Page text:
He is a very impressive player, but as an unrestricted free agent, he is one of the more complicated players on the Cowboys' list to value and assess.  Anthony Hitchens is here and well proven in 2014.  Justin Durant or Bruce Carter would be cheaper.  But, Rolando McClain has plays like the moment below that I really don't wish to lose.
He was one of the bright spots of this defense, a clear leader that team-mates respected, and above all else, a player of rare traits.  Do we assume that a year of proper conditioning will lead to a more reliable 2nd season back in the league?  Or, will his style and position always mean he can't play a full year?
I want to keep him.  But, they need to be very careful how far the bidding goes.  $3m a year?  Sure.  $4m a year?  Careful.  More than that?  I think I need to bow out.
Here is today's draft profile.  I know not every reader reads every passage, but please read these few paragraphs.  I have heard from many of you that Randy Gregory and Shane Ray - our first 2 profiles - will not be around at #27 for the Cowboys and that I should only profile players who will be.  I understand your sentiments but I have thought this through.
I started writing blogs like this for the 2011 draft and was able in February to settle on Tyron Smith as my guy.  There were many others I studied, but we all knew that it was going to be Tyron very early in the draft season. That was so easy.
Then, in 2012, when the Cowboys sat at #14, I narrowed it down to 10 guys and studied each of them closely.  I loved Fletcher Cox the most and Dontari Poe the 2nd most.  But, none of the research mattered, because they traded up to get Morris Claiborne, a guy who I didn't really worry about because he was too highly rated and the Cowboys don't draft that high.  I was not terribly prepared and the spring project seemed a waste of effort.
In 2013, with the Cowboys at #18, we studied a ton of players.  But, no amount of study could anticipate they would trade down to the end of the round and grab Wisconsin's Travis Frederick.  Again, this project was too small.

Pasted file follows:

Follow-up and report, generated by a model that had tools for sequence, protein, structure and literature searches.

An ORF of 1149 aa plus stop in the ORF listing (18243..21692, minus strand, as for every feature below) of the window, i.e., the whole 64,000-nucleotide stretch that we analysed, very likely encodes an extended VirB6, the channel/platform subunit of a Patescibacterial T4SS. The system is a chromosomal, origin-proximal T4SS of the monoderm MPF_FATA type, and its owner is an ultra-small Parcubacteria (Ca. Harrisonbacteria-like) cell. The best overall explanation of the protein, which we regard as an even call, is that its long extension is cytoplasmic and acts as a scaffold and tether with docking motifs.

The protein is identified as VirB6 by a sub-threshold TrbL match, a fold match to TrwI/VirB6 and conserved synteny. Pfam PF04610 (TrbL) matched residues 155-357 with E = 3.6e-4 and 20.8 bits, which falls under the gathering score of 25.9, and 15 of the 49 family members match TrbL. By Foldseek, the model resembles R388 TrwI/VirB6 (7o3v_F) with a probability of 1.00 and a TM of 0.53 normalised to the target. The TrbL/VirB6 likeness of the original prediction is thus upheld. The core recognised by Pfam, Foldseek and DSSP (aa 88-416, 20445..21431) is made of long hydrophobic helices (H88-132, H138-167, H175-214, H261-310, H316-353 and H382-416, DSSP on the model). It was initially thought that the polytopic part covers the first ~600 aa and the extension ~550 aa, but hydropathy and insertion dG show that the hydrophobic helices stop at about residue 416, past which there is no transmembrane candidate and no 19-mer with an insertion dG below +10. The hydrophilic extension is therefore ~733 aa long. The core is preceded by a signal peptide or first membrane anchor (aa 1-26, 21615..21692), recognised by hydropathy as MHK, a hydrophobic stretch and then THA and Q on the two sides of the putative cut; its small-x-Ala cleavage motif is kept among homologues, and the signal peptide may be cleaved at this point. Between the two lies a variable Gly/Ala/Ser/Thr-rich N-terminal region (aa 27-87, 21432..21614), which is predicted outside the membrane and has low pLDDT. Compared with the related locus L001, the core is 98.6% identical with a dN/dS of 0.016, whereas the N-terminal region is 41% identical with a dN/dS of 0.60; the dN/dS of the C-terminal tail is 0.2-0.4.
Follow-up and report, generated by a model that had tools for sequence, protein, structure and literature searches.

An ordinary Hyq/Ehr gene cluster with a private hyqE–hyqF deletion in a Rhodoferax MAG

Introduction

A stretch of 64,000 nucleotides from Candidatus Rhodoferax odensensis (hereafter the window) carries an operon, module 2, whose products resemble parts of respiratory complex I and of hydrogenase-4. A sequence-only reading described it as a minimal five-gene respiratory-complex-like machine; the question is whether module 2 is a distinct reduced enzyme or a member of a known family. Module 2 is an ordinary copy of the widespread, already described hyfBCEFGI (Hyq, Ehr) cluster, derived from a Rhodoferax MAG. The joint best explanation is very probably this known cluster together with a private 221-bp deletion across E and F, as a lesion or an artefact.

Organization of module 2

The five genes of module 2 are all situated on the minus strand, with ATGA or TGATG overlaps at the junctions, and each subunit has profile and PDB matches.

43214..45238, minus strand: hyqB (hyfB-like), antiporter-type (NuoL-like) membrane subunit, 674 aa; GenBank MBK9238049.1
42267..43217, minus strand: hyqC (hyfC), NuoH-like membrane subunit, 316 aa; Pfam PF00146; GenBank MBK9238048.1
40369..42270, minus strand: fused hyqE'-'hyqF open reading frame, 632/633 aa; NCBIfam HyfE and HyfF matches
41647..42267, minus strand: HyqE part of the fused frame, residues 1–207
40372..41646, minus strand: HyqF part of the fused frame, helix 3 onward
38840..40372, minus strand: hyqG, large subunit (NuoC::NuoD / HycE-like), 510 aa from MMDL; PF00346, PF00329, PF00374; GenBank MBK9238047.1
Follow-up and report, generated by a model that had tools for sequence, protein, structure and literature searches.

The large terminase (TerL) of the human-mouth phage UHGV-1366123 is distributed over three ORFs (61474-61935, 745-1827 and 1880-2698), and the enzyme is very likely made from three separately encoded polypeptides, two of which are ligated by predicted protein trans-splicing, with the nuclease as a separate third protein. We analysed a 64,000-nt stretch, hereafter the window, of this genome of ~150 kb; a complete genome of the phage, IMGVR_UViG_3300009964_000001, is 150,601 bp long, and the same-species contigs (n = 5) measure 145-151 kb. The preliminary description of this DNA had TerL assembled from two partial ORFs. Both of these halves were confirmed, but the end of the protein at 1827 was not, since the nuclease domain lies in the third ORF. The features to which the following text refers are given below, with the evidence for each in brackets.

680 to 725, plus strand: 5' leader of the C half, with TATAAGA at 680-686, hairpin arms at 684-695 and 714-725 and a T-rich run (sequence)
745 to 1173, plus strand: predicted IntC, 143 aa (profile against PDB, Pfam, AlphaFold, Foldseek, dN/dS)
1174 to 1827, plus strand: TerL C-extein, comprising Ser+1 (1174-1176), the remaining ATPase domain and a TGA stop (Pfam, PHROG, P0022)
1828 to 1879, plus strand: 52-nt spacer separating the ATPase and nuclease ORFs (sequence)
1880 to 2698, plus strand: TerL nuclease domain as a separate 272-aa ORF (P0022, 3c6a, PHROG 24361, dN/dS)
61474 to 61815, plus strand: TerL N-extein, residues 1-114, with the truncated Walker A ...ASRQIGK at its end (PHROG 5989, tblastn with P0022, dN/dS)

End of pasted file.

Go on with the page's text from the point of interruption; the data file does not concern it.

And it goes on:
We never know what Jerry Jones is going to do, but he has shown us every year that he might trade up and he might trade down.  So, given that there are 99 days to the draft and given that I want to use those to be ready for any scenario, allow me to write up as many guys as possible so that regardless of what the Cowboys do in the first few rounds, we will know the players, ok?  I know Randy Gregory won't slide to #27.  Let's learn about him anyway.  My advice to those who can't handle that thinking is to skip the ones you don't wish to read.
(Each issue of S.O.D., we shall tackle another draft prospect.  No, I have never been a scout or a NFL General Manager, but I am willing to watch a ton of football.  By watching about 200 snaps of each prospect, we can really get a feel for a player and then know what we are talking about a bit better.  It is no exact science, but the NFL hasn't quite figured out drafting either, so we are going to do the best we can.)
Alvin "Bud" Dupree, DE/OLB, Kentucky - 6'4, 264 - Age 21
For the 2nd day in a row, let's check out a fantastic pass rusher from the SEC East.   Bud Dupree is a 4-year starter at Kentucky who has grown into one of the more exciting pass rushers in this draft.  He was not a guy who was on my radar a year ago when we started sorting through the names for the 2015 draft, but in becoming familiar with what he brings to the table, he is another guy who might be in the mix for the Top half of Round 1 if he has a nice spring.
He annoyed the Senior Bowl (along with several others) by opting out of this week in Mobile as we are sure he was advised that he had "more to lose" by going, but a quick view of his tape indicates that he might be right.  For his report, I watched Kentucky play Mississippi State, Missouri, and Louisville.